(It can be hard for entrepreneurs to “turn off” as there’s always something to worry about when it comes to their business, but it is essential they get enough sleep to avoid burnout and medical ills)
(01:32) Grit is not choosing the easier path because long-term you're actually going to be more satisfied with the decision that you made.
(08:05) Cole explains the impact of having entrepreneur parents are entrepreneurs (see the academic paper listed below with data on this subject; children are 1.3-3X more likely to be entrepreneurs when their parents are)
(08:30) Cole describes his first business in middle school (pressure washing). He printed out 250 flyers and received zero calls.
(13:59) Cole tells the story of his 1st Amazon business he started about 3 years ago with the idea of selling gun grips. The day after getting the delivery, Amazon stops allowing sales in that product category. Instead, he had to pivot to selling on EBay (more manual labor than Amazon, but was able to clear the inventory). Now have an actual successful business selling other products on Amazon today.
(17:59) “You gotta be closed-minded on the end goal, but you can’t be closed-minded on how you’re going to get there”
Cole Rickles sits down to tell quite a few interesting stories of the various startups he has been involved in going all the way back to middle school. Most attempts fail, but the successes only occur because of the presence of grit. Good things never come easily, so persevering while being open-minded on how you are going to get to your clearly-defined end goal is essential to success with any entrepreneurial undertaking. The idea of grit has been popularized in the last few years (especially by Angela Duckworth’s book on grit listed below released in 2016), but the idea of how one can instill grit in another person is still up for debate on how that is done. One significant advantage Cole (and many other entrepreneurs in the Huntsville community) has is entrepreneur parents who provided first-hand real-world lessons in the value and results of grit.
(SpaceX failures video)
(TED talk on grit) https://www.ted.com/talks/angela_lee_duckworth_grit_the_power_of_passion_and_perseverance?language=en
(Grit from a psychology perspective)
(How Parents Are Robbing Their Children of Adulthood: Today’s “snowplow parents” keep their children’s futures obstacle-free — even when it means crossing ethical and legal boundaries.)
(Podcast: How I Built This)
(Academic paper: Why Do Entrepreneurial Parents Have Entrepreneurial Children?)
The Little Engine That Could
Grit: The Power of Passion and Perseverance
Matt talks with Michael Carroll, Lacey Reinoehl, and Jarrod Parkes about mobile app
development and solutions. They discuss the common options and features in app
design, and cover the importance of determining scope of work and managing
expectations with the customer desiring the app.
(2:50) Lacey talks about process to define minimum viable product for your desired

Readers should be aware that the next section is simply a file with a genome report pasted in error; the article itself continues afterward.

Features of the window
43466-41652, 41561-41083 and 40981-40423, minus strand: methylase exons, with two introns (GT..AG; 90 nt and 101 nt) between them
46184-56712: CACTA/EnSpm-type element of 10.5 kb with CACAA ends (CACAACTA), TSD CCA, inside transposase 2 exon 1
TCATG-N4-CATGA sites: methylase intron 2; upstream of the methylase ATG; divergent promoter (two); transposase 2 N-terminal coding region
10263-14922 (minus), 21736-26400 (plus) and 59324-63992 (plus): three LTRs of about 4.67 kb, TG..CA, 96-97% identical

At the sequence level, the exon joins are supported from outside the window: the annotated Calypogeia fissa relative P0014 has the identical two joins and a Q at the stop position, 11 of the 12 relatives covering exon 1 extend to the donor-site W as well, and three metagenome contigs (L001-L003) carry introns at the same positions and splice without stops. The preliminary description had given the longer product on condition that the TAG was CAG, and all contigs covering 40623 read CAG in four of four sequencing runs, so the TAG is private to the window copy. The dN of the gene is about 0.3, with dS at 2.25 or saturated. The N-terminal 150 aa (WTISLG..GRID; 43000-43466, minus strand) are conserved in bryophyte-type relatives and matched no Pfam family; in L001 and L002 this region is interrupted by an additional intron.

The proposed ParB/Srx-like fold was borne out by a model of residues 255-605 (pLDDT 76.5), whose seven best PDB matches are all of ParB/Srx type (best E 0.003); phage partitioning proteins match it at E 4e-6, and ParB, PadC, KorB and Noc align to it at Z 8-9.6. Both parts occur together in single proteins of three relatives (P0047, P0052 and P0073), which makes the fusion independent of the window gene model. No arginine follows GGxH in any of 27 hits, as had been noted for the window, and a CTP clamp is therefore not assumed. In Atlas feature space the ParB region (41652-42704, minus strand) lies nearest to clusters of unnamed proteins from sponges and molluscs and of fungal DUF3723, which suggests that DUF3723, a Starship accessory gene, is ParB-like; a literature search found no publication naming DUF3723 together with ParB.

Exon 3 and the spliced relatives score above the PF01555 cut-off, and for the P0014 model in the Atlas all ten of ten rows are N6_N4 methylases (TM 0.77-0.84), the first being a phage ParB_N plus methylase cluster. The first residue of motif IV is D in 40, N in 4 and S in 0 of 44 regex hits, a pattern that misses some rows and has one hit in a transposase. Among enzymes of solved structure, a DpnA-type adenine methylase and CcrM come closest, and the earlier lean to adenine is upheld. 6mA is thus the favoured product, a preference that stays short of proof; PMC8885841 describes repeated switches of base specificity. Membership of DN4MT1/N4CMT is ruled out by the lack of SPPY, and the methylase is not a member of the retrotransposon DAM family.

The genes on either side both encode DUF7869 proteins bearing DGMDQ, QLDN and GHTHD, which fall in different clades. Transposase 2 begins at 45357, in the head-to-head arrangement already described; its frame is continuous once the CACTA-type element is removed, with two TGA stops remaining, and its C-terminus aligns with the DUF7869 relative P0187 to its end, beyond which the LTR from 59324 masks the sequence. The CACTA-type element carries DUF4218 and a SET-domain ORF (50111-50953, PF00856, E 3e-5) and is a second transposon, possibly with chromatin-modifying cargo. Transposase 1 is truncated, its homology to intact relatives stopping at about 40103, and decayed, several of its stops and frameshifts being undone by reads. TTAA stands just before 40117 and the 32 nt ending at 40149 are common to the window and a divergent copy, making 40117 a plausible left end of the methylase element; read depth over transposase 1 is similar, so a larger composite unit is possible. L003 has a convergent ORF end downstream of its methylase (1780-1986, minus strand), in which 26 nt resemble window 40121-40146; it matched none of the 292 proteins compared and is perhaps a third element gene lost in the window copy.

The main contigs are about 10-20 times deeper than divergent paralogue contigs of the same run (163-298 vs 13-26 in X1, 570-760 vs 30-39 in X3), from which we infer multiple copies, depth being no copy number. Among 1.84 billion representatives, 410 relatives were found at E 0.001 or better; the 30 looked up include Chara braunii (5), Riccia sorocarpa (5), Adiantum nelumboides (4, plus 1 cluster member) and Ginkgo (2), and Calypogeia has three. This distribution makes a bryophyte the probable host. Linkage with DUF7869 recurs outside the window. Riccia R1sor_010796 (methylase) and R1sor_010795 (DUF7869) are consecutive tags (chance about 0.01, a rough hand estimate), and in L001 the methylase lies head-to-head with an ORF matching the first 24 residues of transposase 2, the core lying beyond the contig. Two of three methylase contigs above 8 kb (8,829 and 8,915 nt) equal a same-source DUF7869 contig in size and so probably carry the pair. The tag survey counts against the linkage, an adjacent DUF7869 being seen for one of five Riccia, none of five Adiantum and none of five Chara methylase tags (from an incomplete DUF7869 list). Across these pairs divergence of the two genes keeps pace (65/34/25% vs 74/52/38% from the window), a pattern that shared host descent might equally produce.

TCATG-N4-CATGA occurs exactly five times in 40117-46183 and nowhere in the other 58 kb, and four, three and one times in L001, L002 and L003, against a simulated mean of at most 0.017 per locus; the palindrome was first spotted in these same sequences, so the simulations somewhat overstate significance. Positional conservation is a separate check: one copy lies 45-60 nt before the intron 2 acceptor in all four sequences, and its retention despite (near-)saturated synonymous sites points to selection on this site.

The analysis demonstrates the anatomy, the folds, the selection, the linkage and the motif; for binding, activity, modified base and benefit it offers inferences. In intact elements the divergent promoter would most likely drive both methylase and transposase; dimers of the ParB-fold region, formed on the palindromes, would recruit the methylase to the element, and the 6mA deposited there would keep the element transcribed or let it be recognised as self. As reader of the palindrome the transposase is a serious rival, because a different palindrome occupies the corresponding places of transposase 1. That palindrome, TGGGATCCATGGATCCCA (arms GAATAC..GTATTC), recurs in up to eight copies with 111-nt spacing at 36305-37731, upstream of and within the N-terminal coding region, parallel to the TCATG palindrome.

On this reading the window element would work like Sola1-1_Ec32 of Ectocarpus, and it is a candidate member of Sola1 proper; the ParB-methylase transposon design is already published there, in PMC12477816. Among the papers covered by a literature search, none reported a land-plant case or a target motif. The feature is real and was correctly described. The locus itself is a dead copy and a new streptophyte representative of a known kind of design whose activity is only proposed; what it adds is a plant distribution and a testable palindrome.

app. Clarify the base functionality and allow the app developer an initial idea of
what the scope of work is required to complete (along with if a native or non-native
app will be required).
(13:10) Jarrod walks thru an example of the app developer’s estimate of the work
required to start an app and what stages of development are expected.
(19:14) There’s often sticker shock when it comes to paying for app development.
Michael explains how a couple developers working on an app for a month (typical to
get an app to at least the minimum viable product stage) can hit $20,000-30,000 in
burn rate. The hourly rate for app developers currently is typically in the $50-
(25:08) The group talks about the importance of qualifying the customer and
managing expectations, along with determining if a native app is actually needed
(as that is far more costly than non-native apps).
(46:41) Lacey talks about the importance of pitching yourself to a developer.
There’s currently no shortage of work for app developers today and you need to
convince them that this will be a project they would like to take on and is viable.
Since the introduction of the iPhone in 2007 and Android in 2008, smartphone
applications have quickly become an essential part of our daily lives. Options for an
app are either native (iOS and Android have 97%+ of the global market share) or
non-native. An app developer works with a customer to determine how best to add
value via the creation of the app with regards to required functionality (native apps
enable more real-time interaction with smartphone sensors like GPS, the camera,
etc.) within the limits of the budget available for the project. Ideally, the customer
spends time before reaching out to the app developer to clearly define the purpose
of the app and mock up a draft design and functionality (in Keynote, PowerPoint, or
various app mockup tools). The customer should clearly explain the viability of the
project to convince the developer to take on the challenge. The app developer will
work with the customer to further refine the minimum viable product and set